It's because you are in your 1st semester. I didn't get confidence until I was in my 3rd semester (now). I think theory is important, things will begin to click for you next semester I bet. We all focus on passing the tests, but focus on truely understanding the material as well. When you truely understand it, you will be able to critically think in clinical, and apply what you know. But...you're 1st semester, so it'll happen, you're probably just learning the basics now right?
meownsmile, BSN, RN
I agree you just arent really putting things together yet. Your clinicals arent coinciding with your lecture right now and it seems so unnecissary and confusing to you.
And actually Scott, i think your "theory" is seriously flawed. No way could you walk on a unit and work for 3 months and "know" anything from a nursing point of view.
Reality check is overdue. Get a job as a tech.
Tweety, BSN, RN
Nursing school is long and hard. I just don't see how adding more of one or the other is going to help. There's no way to learn everything you're going to learn. Good preceptorships at the end and good on-the-job preceptorship afterward is most important IMO.
Hang in there, you'll get the hang of things soon enough. As someone above said, learning the patient care tasks without the bookwork is a tech. I'm sure you realize that and are just venting. When I was in school, I thought the same thing. It would be nice indeed to have no bookwork at all. :rotfl:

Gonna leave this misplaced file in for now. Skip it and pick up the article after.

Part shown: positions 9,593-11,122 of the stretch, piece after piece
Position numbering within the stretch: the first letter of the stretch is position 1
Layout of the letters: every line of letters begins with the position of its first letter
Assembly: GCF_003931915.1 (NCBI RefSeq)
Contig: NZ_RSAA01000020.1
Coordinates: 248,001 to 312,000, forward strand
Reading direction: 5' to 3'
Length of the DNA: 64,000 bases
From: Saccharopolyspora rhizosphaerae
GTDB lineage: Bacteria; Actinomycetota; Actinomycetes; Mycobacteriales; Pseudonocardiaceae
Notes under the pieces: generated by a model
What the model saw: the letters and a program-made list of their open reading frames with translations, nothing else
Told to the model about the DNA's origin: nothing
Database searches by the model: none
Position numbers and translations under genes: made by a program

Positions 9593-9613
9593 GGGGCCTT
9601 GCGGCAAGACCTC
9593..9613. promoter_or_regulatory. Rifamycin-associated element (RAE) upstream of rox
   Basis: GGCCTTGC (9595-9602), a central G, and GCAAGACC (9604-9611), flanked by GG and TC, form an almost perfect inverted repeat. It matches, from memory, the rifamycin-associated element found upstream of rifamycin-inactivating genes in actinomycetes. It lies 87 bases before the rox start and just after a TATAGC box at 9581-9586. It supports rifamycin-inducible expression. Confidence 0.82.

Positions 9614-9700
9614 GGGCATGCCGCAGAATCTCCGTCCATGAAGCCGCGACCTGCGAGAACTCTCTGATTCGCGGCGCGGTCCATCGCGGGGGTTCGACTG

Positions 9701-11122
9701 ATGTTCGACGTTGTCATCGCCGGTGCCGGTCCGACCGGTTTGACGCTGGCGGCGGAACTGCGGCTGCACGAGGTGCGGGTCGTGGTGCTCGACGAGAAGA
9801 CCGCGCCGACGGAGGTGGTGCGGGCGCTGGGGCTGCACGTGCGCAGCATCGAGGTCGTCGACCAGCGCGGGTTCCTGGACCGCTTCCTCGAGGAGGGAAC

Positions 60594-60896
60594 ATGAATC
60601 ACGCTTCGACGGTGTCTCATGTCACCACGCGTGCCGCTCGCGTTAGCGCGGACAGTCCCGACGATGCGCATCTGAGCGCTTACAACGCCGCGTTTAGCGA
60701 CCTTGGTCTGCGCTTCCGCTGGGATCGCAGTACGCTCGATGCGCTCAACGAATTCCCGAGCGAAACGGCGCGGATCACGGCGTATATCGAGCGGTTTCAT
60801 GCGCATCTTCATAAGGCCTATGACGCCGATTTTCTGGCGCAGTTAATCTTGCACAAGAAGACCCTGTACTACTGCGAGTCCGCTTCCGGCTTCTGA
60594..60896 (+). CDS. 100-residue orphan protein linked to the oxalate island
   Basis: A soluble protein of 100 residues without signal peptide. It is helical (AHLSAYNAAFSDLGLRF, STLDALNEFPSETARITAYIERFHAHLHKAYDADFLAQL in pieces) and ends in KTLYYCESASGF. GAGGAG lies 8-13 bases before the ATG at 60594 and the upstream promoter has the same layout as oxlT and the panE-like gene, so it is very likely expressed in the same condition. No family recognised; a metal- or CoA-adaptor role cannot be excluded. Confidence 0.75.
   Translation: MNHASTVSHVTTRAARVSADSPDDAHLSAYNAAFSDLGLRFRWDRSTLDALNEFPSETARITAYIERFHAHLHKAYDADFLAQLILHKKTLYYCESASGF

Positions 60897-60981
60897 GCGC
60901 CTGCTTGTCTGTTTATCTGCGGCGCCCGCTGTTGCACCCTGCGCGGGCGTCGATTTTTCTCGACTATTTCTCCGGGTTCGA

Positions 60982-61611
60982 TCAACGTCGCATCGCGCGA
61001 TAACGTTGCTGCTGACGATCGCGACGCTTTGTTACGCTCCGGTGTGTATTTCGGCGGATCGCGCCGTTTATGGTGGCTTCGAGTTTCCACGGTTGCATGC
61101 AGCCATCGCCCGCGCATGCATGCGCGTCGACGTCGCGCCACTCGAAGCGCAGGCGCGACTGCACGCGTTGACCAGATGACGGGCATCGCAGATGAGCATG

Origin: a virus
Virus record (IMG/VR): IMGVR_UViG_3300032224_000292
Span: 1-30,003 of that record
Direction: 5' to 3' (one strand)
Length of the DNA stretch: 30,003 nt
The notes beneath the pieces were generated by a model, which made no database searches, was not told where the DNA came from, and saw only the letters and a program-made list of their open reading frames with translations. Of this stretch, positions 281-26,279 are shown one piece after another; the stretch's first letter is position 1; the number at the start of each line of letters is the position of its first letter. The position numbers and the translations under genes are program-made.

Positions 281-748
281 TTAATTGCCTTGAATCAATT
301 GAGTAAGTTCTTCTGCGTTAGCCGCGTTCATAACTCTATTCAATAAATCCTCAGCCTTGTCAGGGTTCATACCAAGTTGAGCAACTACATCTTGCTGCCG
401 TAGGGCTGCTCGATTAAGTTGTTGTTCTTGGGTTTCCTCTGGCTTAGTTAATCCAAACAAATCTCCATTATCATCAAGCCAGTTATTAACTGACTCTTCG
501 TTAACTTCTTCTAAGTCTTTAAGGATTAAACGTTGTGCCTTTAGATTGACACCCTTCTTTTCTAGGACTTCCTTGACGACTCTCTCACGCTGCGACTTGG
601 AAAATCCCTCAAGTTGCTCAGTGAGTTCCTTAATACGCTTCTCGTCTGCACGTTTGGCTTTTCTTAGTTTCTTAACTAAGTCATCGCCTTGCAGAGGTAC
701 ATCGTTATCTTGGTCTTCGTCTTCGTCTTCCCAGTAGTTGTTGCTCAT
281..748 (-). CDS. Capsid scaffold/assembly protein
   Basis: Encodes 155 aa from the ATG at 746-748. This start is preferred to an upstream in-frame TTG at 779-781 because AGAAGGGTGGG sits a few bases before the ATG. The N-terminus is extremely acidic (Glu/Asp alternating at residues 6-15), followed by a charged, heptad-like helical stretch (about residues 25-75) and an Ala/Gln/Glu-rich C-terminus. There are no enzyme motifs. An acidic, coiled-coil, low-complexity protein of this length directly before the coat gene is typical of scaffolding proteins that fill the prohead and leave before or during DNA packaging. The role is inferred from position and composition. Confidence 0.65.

I agree you just arent really putting things together yet. Your clinicals arent coinciding with your lecture right now and it seems so unnecissary and confusing to you.And actually Scott, i think your "theory" is seriously flawed. No way could you walk on a unit and work for 3 months and "know" anything from a nursing point of view.Reality check is overdue. Get a job as a tech.
I don't think it is. The job I have now is very intricate, with nothing that directly follows any patterns, and when you hire in, you're expected to be able to perform everything well enough to keep the ship afloat so to speak within a couple months. I'm not saying you'll know everything, but you'd know enough to get by, and not bring everything to a halt.